Check the Airworthiness of your Estate Plan for Your Aircraft
Have you done estate planning for your aircraft? How is your aircraft registered? Is your aircraft registered with the FAA in the name of an individual? Is your aircraft registered in an LLC in which an individual is the sole member and the sole manager?
Consider what will happen to the aircraft registration upon the death of the individual. Does the LLC’s operating agreement or state law address how the LLC continues and who will have the authority to manage the LLC upon the death of the individual? If the title is unclear, your heirs may not be able to operate the aircraft and your estate may not be able to sell the aircraft until a court clears the title.
Your Estate Planning Trust
Placing the aircraft in the same trust which holds your investments, vacation home, and other assets sounds like a good plan. However, be aware that for FAA purposes the trustee of the trust must meet the FAA’s definition of US citizen, that specific FAA-required language may need to be included in the trust agreement and that a copy of the trust will need to be provided to the FAA and that the trust may become publicly available. Consider creating a separate trust (commonly called an owner trust in aviation) for your aircraft.
No TOD as an Estate Plan for Your Aircraft
At this time, the FAA does not allow you to make a “transfer on death” (TOD) designation for your aircraft.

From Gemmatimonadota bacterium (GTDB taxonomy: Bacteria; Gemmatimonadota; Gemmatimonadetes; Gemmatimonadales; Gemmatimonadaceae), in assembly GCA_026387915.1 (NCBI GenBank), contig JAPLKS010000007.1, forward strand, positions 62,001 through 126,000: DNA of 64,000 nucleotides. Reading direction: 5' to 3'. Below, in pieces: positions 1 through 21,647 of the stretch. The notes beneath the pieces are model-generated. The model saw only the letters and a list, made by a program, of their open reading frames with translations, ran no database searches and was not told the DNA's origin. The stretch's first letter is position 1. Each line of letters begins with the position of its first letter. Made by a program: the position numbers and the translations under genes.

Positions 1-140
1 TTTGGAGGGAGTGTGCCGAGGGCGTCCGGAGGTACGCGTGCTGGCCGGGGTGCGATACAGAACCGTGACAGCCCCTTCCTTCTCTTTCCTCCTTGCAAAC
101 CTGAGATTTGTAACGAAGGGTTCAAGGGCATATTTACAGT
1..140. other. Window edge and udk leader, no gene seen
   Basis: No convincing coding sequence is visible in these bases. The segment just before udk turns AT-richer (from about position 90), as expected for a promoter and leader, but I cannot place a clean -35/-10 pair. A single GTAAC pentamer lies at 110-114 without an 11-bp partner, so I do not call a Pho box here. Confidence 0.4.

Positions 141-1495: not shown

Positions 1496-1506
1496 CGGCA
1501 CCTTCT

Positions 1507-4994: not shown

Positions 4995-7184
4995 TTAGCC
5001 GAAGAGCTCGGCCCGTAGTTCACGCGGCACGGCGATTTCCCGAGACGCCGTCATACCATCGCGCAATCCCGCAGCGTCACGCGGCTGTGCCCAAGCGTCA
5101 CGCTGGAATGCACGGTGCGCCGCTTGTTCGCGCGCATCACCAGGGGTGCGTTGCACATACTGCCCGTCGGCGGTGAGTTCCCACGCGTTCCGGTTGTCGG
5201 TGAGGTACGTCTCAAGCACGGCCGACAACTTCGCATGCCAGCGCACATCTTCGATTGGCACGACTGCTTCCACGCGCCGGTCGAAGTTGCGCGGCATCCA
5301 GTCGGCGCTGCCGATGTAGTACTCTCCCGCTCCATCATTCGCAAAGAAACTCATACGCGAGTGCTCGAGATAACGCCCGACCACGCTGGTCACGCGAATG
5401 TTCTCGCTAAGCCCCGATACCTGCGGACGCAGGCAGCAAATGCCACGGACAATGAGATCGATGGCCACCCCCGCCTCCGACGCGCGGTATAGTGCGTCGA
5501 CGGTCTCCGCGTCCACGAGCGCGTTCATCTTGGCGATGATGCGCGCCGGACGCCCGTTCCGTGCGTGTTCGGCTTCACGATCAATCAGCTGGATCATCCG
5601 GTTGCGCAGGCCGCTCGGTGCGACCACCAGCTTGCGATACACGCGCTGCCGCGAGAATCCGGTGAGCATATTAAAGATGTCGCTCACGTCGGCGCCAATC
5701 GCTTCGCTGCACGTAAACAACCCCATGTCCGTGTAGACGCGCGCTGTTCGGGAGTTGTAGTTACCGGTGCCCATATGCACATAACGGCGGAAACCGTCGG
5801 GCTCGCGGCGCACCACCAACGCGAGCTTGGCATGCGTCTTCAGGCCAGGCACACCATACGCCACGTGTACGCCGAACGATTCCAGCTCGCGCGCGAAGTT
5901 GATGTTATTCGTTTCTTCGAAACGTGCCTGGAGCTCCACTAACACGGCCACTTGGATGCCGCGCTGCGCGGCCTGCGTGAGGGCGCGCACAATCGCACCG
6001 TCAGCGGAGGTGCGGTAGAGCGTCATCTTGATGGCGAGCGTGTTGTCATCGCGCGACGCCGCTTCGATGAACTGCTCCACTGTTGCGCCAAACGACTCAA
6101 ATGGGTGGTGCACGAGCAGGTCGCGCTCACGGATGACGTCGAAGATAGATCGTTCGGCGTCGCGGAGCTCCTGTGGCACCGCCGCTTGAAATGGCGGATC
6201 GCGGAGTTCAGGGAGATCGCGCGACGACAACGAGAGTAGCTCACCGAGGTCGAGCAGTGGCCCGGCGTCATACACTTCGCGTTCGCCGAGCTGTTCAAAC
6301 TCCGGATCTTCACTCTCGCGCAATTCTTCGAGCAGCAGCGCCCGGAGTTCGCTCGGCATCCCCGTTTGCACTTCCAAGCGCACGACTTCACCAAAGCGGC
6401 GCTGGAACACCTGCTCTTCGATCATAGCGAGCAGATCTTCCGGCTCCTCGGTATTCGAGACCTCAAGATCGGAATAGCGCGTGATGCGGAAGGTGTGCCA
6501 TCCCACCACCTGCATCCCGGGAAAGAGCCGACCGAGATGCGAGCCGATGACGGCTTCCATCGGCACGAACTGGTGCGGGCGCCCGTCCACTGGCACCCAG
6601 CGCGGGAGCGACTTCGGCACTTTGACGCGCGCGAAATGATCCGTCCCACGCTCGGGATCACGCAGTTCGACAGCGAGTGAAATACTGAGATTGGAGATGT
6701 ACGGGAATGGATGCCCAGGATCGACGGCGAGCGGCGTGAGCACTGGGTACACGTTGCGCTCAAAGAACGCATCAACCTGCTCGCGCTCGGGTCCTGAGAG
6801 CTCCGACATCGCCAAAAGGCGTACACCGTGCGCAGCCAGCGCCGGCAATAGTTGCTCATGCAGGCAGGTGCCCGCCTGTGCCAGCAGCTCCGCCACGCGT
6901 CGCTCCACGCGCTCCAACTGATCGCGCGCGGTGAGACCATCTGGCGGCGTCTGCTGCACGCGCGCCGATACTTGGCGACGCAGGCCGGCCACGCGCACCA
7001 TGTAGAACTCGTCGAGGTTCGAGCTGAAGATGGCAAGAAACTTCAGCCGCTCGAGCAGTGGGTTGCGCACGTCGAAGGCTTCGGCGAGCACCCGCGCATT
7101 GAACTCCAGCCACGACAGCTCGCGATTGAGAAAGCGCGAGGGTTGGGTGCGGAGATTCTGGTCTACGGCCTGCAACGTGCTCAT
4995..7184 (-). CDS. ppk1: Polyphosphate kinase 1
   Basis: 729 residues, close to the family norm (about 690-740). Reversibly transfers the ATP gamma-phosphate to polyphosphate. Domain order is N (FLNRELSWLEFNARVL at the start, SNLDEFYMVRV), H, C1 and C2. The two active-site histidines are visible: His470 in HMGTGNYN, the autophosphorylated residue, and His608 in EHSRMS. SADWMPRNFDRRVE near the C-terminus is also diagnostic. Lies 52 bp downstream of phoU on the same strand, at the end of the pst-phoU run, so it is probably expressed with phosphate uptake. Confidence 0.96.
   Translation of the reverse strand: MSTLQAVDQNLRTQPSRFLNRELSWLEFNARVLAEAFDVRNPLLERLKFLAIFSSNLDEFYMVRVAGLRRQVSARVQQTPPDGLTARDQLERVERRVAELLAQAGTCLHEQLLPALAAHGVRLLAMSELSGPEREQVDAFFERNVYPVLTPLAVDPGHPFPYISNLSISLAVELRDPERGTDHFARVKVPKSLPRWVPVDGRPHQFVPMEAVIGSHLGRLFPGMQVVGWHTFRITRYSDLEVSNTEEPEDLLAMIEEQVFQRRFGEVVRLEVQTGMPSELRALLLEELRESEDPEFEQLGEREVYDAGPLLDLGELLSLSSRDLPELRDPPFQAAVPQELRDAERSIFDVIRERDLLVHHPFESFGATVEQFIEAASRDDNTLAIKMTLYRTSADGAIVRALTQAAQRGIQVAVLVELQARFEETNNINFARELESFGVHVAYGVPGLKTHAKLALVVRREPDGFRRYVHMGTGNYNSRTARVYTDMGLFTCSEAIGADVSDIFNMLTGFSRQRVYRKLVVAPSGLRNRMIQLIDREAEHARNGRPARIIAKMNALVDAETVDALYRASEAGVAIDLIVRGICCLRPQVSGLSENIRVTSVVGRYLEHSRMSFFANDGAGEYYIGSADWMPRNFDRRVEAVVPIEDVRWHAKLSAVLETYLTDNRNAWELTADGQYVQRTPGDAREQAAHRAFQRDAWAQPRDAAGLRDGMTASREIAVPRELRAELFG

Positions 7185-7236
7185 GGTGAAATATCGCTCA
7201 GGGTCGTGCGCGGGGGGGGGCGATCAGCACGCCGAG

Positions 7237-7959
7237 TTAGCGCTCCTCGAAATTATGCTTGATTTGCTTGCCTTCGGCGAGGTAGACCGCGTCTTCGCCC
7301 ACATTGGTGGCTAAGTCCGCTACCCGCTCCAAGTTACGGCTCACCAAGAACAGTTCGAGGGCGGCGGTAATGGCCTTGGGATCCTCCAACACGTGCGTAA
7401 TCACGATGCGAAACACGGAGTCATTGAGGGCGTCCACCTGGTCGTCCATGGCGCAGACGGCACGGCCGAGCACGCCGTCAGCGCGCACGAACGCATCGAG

Transfer of Aircraft under a Will
If the aircraft is to be transferred pursuant to a will upon the death of an individual, the FAA examiner’s guidelines require that a certified copy of the death certificate and a copy of the individuals’ will be filed with the FAA. The copy of a will filed with the FAA may become publicly available.
Have an Estate Plan for Your Aircraft
After you have discussed the plan for your plane with your estate planner, talk with your aviation counsel and your tax advisor before implementing the plan. Your estate planner and tax advisor may not be aware of some of the FAA regulations and FAA interpretations that, if not followed, can invalidate an aircraft’s registration, exposing you to FAA civil penalties, and potentially invalidating the insurance coverage for the aircraft.
Jetstream Aviation Law will be happy to work with your estate planner to provide legal assistance on aviation matters in connection with your estate planning.
Michelle M. Wade is a Partner with the aviation law firm of Jetstream Aviation Law, P.A. and counsel clients on the acquisition, financing, and operation of corporate jets operated under Part 91 and Part 135 of the US Federal Aviation Regulations. Jetstream Aviation Law can be found at www.JetstreamLaw.com.
The information provided here is not legal advice and does not purport to be a substitute for advice of counsel on any specific matter. For legal advice, you should consult with an attorney concerning your specific situation.